Add a private build agent to VSTS and configure for capabilities

VSTS or Visual Studio Team Services is a great DevOps tool from Microsoft and it comes as a Software-as-a-Service. While configuring build pipelines, once can choose the option to build and deploy using a hosted agent. A hosted agent is provided by Microsoft and is pre-configured with all major build tools installed like Visual Studio, Java, Ant, etc. So for many organizations, this is the simplest way to build and deploy.

However, the hosted agent might not suffice for your needs. For example, you may want to use your own testing engine or compilation engine, or you are working on a not so common programming language, etc. In such cases, you will need to setup your private build server. Private agents give you more control to install dependent software needed for your builds and deployments. In this blog post, we’ll learn how to add a build server to VSTS and also configure it for build capabilities.

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Configure CI/CD for dockerized apps using VSTS and deploy to ACS

n this blog post, we’ll discuss how to configure CI/CD for dockerized apps using Visual Studio Team Services (VSTS) and deploy to a Linux based kubernetes cluster in Azure Container Services (ACS). For building dockerized app, we’ll use .NET core and build a linux based docker image. Also we’ll be using Azure Container Services to deploy Linux based Kubernetes cluster and Azure Container Registry for providing docker registry.

Deploy Kubernetes cluster on ACS

For this, please refer to this blog post here.

Deploy Azure Container Registry

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Deploy kubernetes cluster on Azure Container Service from Ubuntu based build server

Azure Container Service is an offering from Microsoft which makes it simple to create, configure, and manage a cluster of virtual machines that are preconfigured to run containerized applications.  The following guide is based on steps mentioned in https://docs.microsoft.com/en-us/azure/container-service/kubernetes/container-service-kubernetes-walkthrough but deviates a little. First, the guide is based on using Azure Cloud Shell which creates two issues. In my experience, this cloud shell is not ready for prime time usage as you will keep getting issues like authentication failure, for some reason the shell will expire after every 20 mins, etc. Also CI/CD cannot be build on top of the cloud shell.

Most likely scenario would be using a CI/CD tool like Jenkins, VSTS etc. using a custom agent and then you would need to run shell commands for deploying containers. In this blog post, we’ll examine how to prepare a ubuntu based workstation for this and deploy a kubernetes cluster on Azure Container Service.

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Stop a script from running if it’s not root

This is a very short post and relies on the knowledge that UID of root user is always 0 regardless of the name of the root account. If the effective UID returned by id -u is not zero, the user is not executing the script with root privileges. Below simple code can be used to check against if script is running as root or not:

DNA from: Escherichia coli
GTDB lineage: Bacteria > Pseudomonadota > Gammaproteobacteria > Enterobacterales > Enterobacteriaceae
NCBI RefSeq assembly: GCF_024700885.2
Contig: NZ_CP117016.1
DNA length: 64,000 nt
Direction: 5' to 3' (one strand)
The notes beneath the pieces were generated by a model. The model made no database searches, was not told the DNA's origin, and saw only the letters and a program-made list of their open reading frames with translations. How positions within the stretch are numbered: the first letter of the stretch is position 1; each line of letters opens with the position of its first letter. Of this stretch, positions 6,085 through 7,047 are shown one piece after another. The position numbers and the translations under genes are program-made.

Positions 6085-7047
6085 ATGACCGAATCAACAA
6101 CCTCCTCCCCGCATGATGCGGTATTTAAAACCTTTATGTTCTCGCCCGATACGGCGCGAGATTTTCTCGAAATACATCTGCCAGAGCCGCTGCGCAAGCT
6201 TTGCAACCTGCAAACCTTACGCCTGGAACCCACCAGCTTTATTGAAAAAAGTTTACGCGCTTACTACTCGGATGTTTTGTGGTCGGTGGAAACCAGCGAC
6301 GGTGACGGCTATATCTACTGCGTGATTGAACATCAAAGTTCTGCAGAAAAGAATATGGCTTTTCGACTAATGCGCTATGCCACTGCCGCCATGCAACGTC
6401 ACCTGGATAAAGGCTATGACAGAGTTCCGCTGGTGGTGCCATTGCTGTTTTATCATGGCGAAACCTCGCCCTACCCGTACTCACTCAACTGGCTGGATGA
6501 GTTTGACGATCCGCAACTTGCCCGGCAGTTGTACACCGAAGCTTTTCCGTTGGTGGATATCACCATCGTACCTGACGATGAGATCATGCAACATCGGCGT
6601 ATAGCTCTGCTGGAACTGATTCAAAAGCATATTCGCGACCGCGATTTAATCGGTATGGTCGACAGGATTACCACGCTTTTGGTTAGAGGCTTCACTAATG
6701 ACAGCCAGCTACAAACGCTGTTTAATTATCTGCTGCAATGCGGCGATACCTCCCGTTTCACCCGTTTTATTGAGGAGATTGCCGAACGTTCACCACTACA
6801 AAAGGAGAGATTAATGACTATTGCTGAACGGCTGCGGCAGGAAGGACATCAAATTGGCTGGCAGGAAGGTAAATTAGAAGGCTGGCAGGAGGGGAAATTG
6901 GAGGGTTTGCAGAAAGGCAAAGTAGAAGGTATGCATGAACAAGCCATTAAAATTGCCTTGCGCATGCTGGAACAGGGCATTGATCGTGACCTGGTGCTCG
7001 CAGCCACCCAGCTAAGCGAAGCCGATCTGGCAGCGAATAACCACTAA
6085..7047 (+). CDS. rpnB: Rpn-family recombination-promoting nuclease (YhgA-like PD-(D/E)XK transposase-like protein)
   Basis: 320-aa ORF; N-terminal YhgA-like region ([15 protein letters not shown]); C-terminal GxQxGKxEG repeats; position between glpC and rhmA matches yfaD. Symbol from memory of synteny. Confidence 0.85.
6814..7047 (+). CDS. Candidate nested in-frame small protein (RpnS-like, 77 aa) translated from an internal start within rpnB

#!/bin/sh

if [ "$(id -u)" -ne 0 ]; then
        echo 'This script must be run by root user' > &2
        exit 1
fi

 

Docker Cheat Sheet

I have spent some time to gather list of most used docker commands and below is a summary for same. These are not full blown commands, just to get you started and then you can use inbuilt command help.

Lifecycle

  • docker create Creates a container
  • docker rename Renames a container
  • docker run Creates and runs a container
  • docker rm Removes a container
  • docker update Updates a container resource limits

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Create a CI/CD pipeline in VSTS to deploy ARM templates

This is the final post in the series of basics for working on Infrastructure as a Code or IaaC. For first two posts, please refer below two links:

  1. Code virtual network configuration in Azure using ARM templates, Visual Studio and Git
  2. Sync local source code and commit history with Visual Studio Team Services

We learned how to create ARM template inside Visual Studio, enable versioning, deploy ARM template using Visual Studio, make new configuration changes, sync source and commit history to VSTS. In this blog post, we’ll learn how to create a CI/CD pipeline to deploy ARM templates.
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Auto assembly versioning in Visual Studio Team Services (or VSTS) build

Whenever a new .NET assembly project is created in Visual Studio, a file named AssemblyInfo is created that contains attributes used to define the version of the assembly during compilation. Using assembly versions effectively enables various team members to identify deployed assemblies and helps troubleshoot problems that may occur in a particular environment (e.g. Development, Test, or Production).

When building the solution, there are two version numbers that need to be considered: the file version number and the .NET assembly version number. As part of the best practices, the AssemblyFileVersion attribute should be incremented automatically as part of the build process. It is therefore intended to uniquely identify a build. The AssemblyVersion attribute is the version that .NET uses when linking assemblies. In this blog post, we’ll learn how to use the build process to auto specify the AssemblyFileVersion and AssemblyInformationalVersion.

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